"..As for the full Spectra in general: there are lots of misnomers floating around. I saw one website that said it has a low melting point without saying what THAT was! Well, it's not wax and it's around 300 degrees F. You can't keep it as close to the campfire as you can your nylon pack! I'm being facetious there - you can't keep any pack very close to the fire - not yer boots - nada! And then I hear about all kinds of shortcomings ALL of which are untrue except the price. Basically it can take anything 1000D cordura can take and at least 50% more and it's less than half the weight. I like to tell people it's our only fabric that passes my belt-sander test; Wrapping my thumb with one layer of Full Spectra and applying it to the belt-sander..........full Spectra is the only fabric that my precious thumb gets too hot to hold the fabric long enough to wear through completely - this is remarkable for a 4 oz. fabric! Even throwing the subjective shortcomings of this test away the Spectra, by far, takes more abuse in all categories (puncture, cutting, abrasion, tearing, UV degradation.....) than the other fabrics. It even resists rodents and will take far more abuse from critters like BEARS. I GUARANTEE it. I have seen Spectra packs that had the webbing chewed down to the level of the Spectra fabric leaving the fabric unharmed. I have not seen a hole in Spectra caused by a rodent yet. You will have to ask us about our exterior dye. Currently, we are dying all but the main large panels on request.."
I believe that the one I have is the 1999 model. I have carried about 40-45 lbs max with it.
The pack is extremely comfortable. I like the fact that the hip belt has creases every few inches so it hugs my small waist well. I used to have the Arc Teryx Bora 80. The Bora 80 had a hip belt with rigid padding so that it didn't contour well around my waist. I also thought that the padding was extremely thick and bulky. The Palisade on the other hand felt great. If need be, the top portion can be converted into a fanny pack when you want to leave the rest of the pack behind.
The 1L Nalgene pocket is a little hard to get to when wearing the pack, but it works better than other packs that have shallow pockets where you'd risk losing them. I've noticed that the new version of the Palisade has a tilted water bottle pocket so they must of addressed the "problem".
All in all, great pack.
I also have a Dana Design daypack. Nice pack also.
I second the Dana. I've got a Terrapalne X and it's great. It's on the heavy side, but it can hold a heavy load fine. If you're planning on doing lighter hiking, you might get by with a Gregory. I've been told that for lighter loads they are very comfortable--and after 10 sweaty miles, that's what really matters.
First, thanks to everyone for the input. I don't really favor an alice pack (for good reason), but it's all I've ever used. The alice packs always seemed durable though, and that's one thing I don't want to compromise on. After looking at some of the packs at the local outfitter, I'm having a hard time believing the lightweight ripstop currently used is durable, but they must be popular for a reason. Anyway, my pack needs to be retired, and there's no sense in getting another uncomfortable piece of junk.
I haven't had a chance to check out the McHales or the rucksacks yet, but I will. I'm not dead set on anything yet.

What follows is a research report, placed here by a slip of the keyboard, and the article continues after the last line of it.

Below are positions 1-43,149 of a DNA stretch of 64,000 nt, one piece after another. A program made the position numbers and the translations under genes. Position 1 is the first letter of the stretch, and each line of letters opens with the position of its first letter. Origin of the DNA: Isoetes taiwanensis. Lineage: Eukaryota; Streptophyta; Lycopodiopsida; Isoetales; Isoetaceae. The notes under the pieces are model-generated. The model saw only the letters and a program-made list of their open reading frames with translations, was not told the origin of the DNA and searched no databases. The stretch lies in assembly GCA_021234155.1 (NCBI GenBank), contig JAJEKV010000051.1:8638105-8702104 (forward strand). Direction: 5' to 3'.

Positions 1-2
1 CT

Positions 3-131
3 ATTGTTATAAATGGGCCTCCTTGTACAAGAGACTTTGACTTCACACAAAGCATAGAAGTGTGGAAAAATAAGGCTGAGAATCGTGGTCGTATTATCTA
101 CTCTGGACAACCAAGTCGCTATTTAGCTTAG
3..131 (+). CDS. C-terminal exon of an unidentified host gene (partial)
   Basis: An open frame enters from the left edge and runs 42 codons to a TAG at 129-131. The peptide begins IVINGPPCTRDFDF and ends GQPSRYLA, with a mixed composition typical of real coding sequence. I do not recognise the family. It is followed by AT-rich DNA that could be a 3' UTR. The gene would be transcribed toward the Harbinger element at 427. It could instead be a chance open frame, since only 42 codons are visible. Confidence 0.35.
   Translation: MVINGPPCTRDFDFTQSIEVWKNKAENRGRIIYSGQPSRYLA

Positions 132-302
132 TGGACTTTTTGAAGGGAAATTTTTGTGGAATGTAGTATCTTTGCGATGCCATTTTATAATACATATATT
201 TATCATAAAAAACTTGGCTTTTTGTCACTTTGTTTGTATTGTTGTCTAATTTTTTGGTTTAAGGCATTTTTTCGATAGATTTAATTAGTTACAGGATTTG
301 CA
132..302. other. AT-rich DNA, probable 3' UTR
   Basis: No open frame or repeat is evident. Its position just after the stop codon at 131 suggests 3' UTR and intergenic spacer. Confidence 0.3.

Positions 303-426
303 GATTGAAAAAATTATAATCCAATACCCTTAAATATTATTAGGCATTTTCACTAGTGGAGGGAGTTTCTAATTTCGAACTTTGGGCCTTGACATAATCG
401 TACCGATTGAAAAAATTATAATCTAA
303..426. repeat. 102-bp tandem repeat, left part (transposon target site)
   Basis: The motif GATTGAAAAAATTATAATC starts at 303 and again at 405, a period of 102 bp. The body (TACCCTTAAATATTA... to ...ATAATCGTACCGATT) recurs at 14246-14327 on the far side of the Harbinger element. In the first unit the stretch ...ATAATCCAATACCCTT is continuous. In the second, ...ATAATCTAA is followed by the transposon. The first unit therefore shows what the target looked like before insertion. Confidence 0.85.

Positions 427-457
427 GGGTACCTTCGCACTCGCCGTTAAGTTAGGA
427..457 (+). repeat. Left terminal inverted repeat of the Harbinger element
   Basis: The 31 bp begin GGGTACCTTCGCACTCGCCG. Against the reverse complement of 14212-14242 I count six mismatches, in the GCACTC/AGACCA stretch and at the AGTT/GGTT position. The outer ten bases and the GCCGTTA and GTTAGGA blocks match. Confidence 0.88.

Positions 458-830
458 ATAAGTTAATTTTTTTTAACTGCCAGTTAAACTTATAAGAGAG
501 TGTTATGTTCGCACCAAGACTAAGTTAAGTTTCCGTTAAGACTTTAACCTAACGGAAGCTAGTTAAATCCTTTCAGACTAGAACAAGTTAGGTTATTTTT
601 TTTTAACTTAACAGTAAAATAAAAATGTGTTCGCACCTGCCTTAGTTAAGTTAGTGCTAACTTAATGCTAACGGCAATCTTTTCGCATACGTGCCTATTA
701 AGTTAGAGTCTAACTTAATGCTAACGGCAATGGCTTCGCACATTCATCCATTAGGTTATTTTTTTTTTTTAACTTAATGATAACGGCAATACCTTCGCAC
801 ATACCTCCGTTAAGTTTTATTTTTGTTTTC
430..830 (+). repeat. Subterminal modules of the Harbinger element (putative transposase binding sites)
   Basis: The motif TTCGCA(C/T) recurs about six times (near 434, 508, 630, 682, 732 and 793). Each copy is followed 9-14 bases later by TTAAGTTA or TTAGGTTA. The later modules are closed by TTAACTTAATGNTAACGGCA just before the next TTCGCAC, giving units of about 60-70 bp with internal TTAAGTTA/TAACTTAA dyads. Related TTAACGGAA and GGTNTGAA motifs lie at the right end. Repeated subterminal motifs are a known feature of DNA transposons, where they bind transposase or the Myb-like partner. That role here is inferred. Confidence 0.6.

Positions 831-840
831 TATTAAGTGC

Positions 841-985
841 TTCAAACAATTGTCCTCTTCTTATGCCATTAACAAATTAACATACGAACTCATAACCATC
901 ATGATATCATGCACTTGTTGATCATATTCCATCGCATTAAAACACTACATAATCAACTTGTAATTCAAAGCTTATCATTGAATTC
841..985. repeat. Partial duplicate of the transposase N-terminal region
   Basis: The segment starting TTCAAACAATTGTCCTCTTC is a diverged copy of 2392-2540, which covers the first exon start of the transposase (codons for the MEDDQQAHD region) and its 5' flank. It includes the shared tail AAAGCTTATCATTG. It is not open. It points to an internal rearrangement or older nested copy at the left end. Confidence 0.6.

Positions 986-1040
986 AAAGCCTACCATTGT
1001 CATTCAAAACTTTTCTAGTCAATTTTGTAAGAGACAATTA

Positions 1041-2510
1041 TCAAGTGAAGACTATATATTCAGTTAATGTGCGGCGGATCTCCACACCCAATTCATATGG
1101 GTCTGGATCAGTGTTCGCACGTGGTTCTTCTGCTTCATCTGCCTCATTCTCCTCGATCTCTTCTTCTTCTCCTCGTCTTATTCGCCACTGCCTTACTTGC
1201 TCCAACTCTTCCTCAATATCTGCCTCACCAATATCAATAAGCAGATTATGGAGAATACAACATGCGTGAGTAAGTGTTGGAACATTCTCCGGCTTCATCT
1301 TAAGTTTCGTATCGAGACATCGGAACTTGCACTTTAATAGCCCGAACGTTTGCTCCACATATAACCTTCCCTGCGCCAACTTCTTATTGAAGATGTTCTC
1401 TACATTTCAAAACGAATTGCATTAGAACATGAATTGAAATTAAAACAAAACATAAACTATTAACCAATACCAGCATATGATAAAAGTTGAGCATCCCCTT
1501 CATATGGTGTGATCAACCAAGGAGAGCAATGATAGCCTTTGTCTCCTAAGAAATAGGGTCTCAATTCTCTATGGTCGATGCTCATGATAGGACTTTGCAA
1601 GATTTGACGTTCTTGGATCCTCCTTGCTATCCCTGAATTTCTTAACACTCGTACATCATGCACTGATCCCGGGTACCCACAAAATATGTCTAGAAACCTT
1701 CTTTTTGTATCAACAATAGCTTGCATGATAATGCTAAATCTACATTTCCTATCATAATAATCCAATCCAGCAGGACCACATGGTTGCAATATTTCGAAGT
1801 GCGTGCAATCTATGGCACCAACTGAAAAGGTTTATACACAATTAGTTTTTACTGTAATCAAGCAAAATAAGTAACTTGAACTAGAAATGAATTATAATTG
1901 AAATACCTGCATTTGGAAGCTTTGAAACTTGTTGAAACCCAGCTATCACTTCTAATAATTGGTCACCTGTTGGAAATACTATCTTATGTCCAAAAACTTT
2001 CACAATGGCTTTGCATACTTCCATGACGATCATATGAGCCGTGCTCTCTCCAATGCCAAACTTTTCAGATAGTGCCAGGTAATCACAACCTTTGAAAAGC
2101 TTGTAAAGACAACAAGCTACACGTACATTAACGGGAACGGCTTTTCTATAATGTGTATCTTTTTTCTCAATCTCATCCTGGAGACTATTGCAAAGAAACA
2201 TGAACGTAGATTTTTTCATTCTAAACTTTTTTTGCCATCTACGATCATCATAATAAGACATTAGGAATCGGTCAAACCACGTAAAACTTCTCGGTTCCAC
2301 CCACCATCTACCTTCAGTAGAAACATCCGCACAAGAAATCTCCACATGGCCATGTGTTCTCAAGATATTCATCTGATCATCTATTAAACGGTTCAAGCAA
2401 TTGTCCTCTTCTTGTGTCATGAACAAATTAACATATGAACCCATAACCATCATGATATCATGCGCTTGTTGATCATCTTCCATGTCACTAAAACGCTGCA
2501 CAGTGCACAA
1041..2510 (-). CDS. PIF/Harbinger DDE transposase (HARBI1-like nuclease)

Pack usage for me will generally consist of 5 day hikes with a starting weight of about 45 lbs. No cold weather stuff. And I like the ability to remove the top portion of the pack for use as a day pack.
I went through this decision a few months ago. I ended up with an Arcteryx Bora 80 - found it on sale at REI for $100 off. It fit me better than others I tried.
I went 28 miles with it (and 45 lbs of gear) in Colorado several weeks ago, up and down about 4k ft elevation. The Bora felt great. A major improvement over my old Jansport Alaska.
I have a friend with a Bora 95 (the next size up) and he really likes his, too. I went with the 80 because my trips are no more than 4-5 nights and I usually go light (e.g. a 2.5# Mountain Hardwear Waypoint 1 tent).
Be sure to try them out, with a load, in a store - somewhere that knows how to fit them properly! These packs fit much differently than an alice.
The only pack more comfortable than the Mchale I have tried was the (Jack) Stephenson, which had a custom external frame, and the same frame tubing forming arms which pivoted to wrap around the waist too. The belt 'floated' and rode easily up and down between you and the frame, perfection! Wish he still made 'em, I outgrew mine years ago..also the Stephenson pack design was the best for accessibility in terms of zipper shape (T-shape zippers) and compartment placement; you could get anywhere in the pack quickly. This is also the first pack that had the idea of accessing the (large) side pockets without removing the pack.. Unfortunately for me, most packs these days don't have such great accessibility, they all seem to be made for mountain climbers who need to put everything in one big sleek compartment, and not access it for a long while.. I like to dig stuff out along the trail all the time; binocs, water, food, hat, knife, camera, water filter, books, etc. etc. The backwards side pockets help, you don't even have to stop walking to get stuff..
Check out Northern Mountain Supply. I got a Gregory WindRiver from them about three months ago for $199 shipped. Thats about $130 off retail. They also had a nice selection of Dana Designs and steep discount as well
Northern mountian supply (Killerdeals.com) is where I got mine, but I already knew what fit. I agree with mhejl about trying them on for fit. You buy what fits best with a 30 lb. load of bricks in it and the rest of the stuff is just icing on the cake.